Fra BNP Paribas:

Three key developments this week could shape the future of Brexit. Overall, we think they have reduced the chances of a disorderly outcome. First, the UK government was found in contempt of parliament for withholding its legal advice on the Brexit Withdrawal Agreement – a first for a UK government.

While the advice itself did not tell us much that we did not already know, the fact that the
Government lost the vote indicates it can no longer muster a reliable majority. This will make passing any piece of legislation more difficult.

Second, the Advocate General of the European Court of Justice’s legal opinion that Article 50 is unilaterally revocable, opens a door to cancelling Brexit that was closed, or at least uncertain. Finally, and most importantly in our view, Conservative MP Dominic Grieve’s amendment to the Withdrawal Act puts Parliament back in the driving seat following the likely rejection of Theresa May’s Brexit deal at the ‘meaningful vote’ on 11 December.

Any subsequent motions will be amendable by MPs, for example to instruct the government to prepare for a second referendum, an extension or revocation of Article 50, or to seek changes from Brussels.

We disagree with the notion that the probability of ‘no deal’ is now 0% purely on the basis that there is no majority for it in Parliament. After all, no deal is still the default option, unless a deal can be ratified ahead of 29 March, or Article 50 is extended or revoked. And
note that the AG’s opinion is not legally binding – the ECJ could yet rule differently.

There appears to be little scope for renegotiation of the existing deal. And while our base case remains that a deal will be ratified eventually, paving the way for an ‘orderly’ Brexit, there is a big risk that there is no majority for any alternative deal. Meanwhile, the revocation of Article 50 would require Parliament to cancel Brexit altogether, which again seems like a big jump from where we are now, especially without a renewed mandate via either an election or a referendum.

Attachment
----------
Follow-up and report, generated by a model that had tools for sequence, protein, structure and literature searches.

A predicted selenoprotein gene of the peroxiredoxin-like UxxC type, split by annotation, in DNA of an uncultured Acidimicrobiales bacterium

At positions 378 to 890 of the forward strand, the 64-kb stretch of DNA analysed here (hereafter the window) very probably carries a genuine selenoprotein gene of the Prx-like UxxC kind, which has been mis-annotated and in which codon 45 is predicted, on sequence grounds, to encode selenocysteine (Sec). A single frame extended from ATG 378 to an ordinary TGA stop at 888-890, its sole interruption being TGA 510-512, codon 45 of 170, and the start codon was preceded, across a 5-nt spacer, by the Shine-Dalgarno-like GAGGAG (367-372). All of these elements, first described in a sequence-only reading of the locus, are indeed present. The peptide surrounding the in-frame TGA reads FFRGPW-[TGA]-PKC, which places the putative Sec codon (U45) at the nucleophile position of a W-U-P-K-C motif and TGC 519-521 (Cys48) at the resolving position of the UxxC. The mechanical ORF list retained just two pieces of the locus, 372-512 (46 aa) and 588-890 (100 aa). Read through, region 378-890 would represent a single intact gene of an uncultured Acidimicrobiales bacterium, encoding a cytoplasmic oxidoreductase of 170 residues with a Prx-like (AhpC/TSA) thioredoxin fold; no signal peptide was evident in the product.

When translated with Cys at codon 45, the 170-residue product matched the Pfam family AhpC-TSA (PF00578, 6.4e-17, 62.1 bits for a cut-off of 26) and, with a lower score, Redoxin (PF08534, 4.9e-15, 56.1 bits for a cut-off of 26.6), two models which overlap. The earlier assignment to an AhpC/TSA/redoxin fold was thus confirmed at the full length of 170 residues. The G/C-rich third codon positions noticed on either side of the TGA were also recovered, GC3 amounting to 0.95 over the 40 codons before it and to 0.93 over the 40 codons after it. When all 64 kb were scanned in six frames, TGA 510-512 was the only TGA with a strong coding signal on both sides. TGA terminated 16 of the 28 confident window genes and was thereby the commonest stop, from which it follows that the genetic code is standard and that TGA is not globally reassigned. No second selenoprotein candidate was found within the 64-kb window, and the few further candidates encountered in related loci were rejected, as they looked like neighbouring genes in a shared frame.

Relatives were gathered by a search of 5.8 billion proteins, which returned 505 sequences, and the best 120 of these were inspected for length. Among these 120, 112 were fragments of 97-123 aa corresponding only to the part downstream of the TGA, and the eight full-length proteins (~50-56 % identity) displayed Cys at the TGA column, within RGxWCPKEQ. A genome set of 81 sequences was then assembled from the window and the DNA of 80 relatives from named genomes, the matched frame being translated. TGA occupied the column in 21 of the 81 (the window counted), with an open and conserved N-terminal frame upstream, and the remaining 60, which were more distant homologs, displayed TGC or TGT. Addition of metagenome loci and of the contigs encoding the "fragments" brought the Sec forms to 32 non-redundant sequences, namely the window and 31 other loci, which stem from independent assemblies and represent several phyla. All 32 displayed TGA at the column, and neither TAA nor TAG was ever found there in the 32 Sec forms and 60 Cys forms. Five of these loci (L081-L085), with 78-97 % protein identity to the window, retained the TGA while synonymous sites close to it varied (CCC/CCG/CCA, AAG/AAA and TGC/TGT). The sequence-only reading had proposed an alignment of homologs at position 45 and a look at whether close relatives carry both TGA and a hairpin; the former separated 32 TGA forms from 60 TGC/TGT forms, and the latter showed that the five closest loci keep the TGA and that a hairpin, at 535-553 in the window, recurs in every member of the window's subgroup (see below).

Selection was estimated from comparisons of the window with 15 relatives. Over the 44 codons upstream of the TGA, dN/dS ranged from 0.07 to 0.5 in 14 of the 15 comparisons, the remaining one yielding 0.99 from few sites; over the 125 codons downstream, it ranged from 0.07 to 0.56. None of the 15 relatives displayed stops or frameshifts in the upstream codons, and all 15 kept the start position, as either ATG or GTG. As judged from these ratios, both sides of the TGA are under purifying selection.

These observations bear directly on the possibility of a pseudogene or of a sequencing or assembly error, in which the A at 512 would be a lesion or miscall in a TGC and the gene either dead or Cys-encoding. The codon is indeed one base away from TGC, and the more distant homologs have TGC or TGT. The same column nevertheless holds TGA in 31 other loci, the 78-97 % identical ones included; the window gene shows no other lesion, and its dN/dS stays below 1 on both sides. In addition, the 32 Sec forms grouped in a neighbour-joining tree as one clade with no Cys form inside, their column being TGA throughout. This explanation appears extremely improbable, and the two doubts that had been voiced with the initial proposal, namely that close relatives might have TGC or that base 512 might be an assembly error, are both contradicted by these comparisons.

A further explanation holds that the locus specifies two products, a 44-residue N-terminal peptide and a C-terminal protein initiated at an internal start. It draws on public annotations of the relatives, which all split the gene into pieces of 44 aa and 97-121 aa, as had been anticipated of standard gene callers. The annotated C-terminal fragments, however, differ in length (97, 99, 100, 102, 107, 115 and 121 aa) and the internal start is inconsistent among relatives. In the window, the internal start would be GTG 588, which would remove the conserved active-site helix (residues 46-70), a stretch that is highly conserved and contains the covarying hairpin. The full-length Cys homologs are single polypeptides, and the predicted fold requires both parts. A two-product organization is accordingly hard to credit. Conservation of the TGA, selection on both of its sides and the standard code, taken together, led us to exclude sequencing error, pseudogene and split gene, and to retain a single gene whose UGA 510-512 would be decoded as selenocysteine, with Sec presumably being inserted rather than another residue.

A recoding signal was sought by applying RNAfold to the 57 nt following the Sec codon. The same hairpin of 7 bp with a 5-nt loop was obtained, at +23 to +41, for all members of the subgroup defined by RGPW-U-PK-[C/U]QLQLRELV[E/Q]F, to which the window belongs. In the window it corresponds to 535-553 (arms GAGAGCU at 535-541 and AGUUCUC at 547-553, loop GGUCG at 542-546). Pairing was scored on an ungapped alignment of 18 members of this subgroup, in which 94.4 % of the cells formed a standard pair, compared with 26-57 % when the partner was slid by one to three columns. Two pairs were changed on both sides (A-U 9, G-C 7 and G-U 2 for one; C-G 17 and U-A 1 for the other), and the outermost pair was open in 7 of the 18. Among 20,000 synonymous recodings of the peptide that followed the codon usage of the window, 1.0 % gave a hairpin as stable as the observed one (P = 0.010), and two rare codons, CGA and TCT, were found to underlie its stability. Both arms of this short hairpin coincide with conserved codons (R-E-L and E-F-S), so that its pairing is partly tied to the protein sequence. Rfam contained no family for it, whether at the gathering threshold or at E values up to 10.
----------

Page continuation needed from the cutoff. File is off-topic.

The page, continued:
The Advocate General’s opinion made it clear that a revocation cannot be used as a delaying tactic Brexit, with a country re-triggering it to re-set the two-year negotiating clock. An extension of Article 50 still requires a unanimous vote by the EU27, which is not
guaranteed. It seems unlikely the EU will allow an extension purely to continue to go round in negotiating circles, but might grant one if it was for a specific end, eg a referendum.

This week’s developments underline our view that there is a 90% chance Parliament will reject the deal next week, and by a significant margin (likely 100-150 MPs). This could lead to a number of other risks, including a confidence vote in Theresa May that might trigger a leadership challenge, and/or a confidence vote in the Government by opposition leader Jeremy Corbyn that could ultimately lead to an early election.

Overall, we view recent events as net positive for UK assets but would caution against being overly complacent that the adverse tail risks have been virtually eliminated. There is still useful information to come, including the ECJ’s final ruling, any further amendments, and next week’s meaningful vote. For now, we maintain our probabilities on the outcome
(50% deal, 30% no-deal, 20% no Brexit).